Loredana Salton

Università degli Studi di Torino, Torino, Piedmont, Italy

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Publications (4)13.92 Total impact

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    ABSTRACT: Women with antiphospholipid antibodies (aPL) such as lupus anticoagulant, anticardiolipin antibodies, and anti-β(2) glycoprotein-1 antibodies are at high risk of late pregnancy complications, such as severe pre-eclampsia, placental insufficiency, and fetal loss. It has been observed that aPL consists of a heterogeneous group of antibodies targeting several phospholipid-binding plasma proteins, including also anti-prothrombin (anti-PT), anti-protein S (anti-PS), and anti-protein C (anti-PC) antibodies. Their potential role in late pregnancy complications is not known. The aim of this work was to investigate the association between those autoantibodies and histories for adverse pregnancy outcome. Anti-PT, anti-PS, and anti-PC antibodies were evaluated in 163 patients with previous severe pre-eclampsia, fetal death, and/or placental abruption and in as many women with previous uneventful pregnancies, negative for aPL. The prevalence of anti-PT antibodies was higher in cases than in controls (OR, 95% CI: 10.92, 4.52-26.38). The highest prevalence was observed in subjects with fetal death. Anti-PT antibodies appear to be associated with adverse pregnancy outcome, irrespectively of aPL.
    American Journal Of Reproductive Immunology 06/2011; 66(5):404-9. DOI:10.1111/j.1600-0897.2011.01031.x · 3.32 Impact Factor
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    ABSTRACT: The HELLP syndrome is a serious complication of pregnancy characterized by hemolysis (H), elevated liver (EL) enzymes, and low platelet (LP) count that occurs in 0.2-0.6% of all pregnancies and in 10-20% of cases with severe preeclampsia and frequently leads to adverse maternal and perinatal outcome. The exact pathobiology of HELLP syndrome has not been clearly defined. As it is considered a form or a complication of severe preeclampsia, it likely has its origin in aberrant placental development and function resulting in ischemia-producing oxidative stress. However, there is still a debate on whether HELLP must be considered a severe form of preeclampsia or a separate disease entity. It can be described as a placenta-induced disease, as is preeclampsia itself, but with a more acute and predominant inflammatory process typically targeting the liver and with a greater activation of the coagulation system. This occurs during a disordered immunologic process and may be due to a genetic predisposition. In this review, we discuss the main biochemical characteristics of HELLP syndrome, particularly focusing on molecular aspects of placental involvement and maternal systemic responses.
    Advances in clinical chemistry 01/2011; 53:85-104. DOI:10.1016/B978-0-12-385855-9.00004-7 · 4.30 Impact Factor
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    ABSTRACT: Both acquired and inherited thrombophilias are associated with an increased risk of pregnancy-related venous thromboembolism (VTE) as well as with adverse pregnancy outcome. However, the extension of attributable risk for each thrombophilia and outcome is still a question of debate. Thrombophilias have been investigated in connection with VTE and pregnancy complications such as: recurrent and nonrecurrent early pregnancy loss, late fetal death, placental abruption, fetal growth restriction, and preeclampsia. This review discusses the evidence of association between thrombophilias and pregnancy outcome together with issues as to clinical management and preventive strategies.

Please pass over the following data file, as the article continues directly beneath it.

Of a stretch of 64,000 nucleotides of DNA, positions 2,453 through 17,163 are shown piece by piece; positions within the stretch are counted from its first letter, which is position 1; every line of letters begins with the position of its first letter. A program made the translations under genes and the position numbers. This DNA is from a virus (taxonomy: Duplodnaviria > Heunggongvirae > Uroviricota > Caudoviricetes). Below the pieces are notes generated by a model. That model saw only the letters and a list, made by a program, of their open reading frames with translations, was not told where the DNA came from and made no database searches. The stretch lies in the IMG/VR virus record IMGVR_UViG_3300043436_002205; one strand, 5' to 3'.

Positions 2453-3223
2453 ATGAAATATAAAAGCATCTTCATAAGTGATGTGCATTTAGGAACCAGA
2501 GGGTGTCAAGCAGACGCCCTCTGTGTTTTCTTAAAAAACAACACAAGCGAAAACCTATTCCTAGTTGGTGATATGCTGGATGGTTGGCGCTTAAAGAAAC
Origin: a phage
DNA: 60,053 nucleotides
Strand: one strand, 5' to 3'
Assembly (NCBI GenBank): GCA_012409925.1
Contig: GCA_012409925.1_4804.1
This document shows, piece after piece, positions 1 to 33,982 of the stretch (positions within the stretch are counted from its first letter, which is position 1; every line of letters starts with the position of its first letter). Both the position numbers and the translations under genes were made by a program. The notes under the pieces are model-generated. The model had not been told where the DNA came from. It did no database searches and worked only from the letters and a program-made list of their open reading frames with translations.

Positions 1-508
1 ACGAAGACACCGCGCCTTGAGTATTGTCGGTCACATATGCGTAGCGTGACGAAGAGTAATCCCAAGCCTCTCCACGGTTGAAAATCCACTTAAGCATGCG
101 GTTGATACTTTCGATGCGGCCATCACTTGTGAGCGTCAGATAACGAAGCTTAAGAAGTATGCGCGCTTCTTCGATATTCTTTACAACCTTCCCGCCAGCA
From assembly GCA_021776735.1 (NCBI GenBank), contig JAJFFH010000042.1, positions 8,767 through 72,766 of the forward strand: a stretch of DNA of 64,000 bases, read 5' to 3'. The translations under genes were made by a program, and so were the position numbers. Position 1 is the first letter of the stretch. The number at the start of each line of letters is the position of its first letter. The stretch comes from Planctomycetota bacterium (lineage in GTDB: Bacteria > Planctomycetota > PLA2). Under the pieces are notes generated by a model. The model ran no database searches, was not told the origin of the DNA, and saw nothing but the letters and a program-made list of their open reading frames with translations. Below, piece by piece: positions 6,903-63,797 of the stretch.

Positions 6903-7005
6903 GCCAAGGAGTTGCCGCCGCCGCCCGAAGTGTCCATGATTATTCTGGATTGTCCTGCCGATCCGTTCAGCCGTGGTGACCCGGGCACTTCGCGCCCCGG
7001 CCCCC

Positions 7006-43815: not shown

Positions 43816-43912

Annals of the New York Academy of Sciences 09/2010; 1205(1):106-17. DOI:10.1111/j.1749-6632.2010.05674.x · 4.31 Impact Factor
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    ABSTRACT: The association of factor V and factor II mutations with preeclampsia and hemolysis, elevated liver enzymes, and low platelets (HELLP) syndrome, and a possible role of the two thrombophilic mutations in the pathogenesis of the diseases have been previously investigated. The results, however, are still inconclusive and contradictory. A case-control study was performed over an interval of 24 months, on 111 subjects with preeclampsia and 111 normal pregnant women matched for age and parity, without previous thromboembolic disorders. The subjects were tested for the mutation A1691G in the factor V gene (R506Q or Leiden mutation) and the mutation A20210G in the factor II (prothrombin) gene. The Student's t-test and the chi2-test were applied when appropriate, and odds ratios and 95% confidence intervals were calculated. Fourteen patients with preeclampsia (12.6%) had at least one of the two mutations, as compared with six controls (5.4%). Factor V Leiden was found in eight patients with preeclampsia (7.2%) and in five controls (4.5%). Factor II G20210A was detected in eight preeclamptic women (7.2%) and in one normal pregnant woman (0.9%)(p = 0.041). In the subgroup of 32 preeclamptic subjects with HELLP syndrome, factor V Leiden was found in three patients (9.3%) and factor II G20210A in two (6.2%). The prevalence of factor V and factor II mutations is increased in patients with preeclampsia; the thrombophilic mutations may interact with other pathogenic factors to determine the clinical features of the disease and of its complications.
    Acta Obstetricia Et Gynecologica Scandinavica 01/2003; 81(12):1095-100. DOI:10.1034/j.1600-0412.2002.811201.x · 1.99 Impact Factor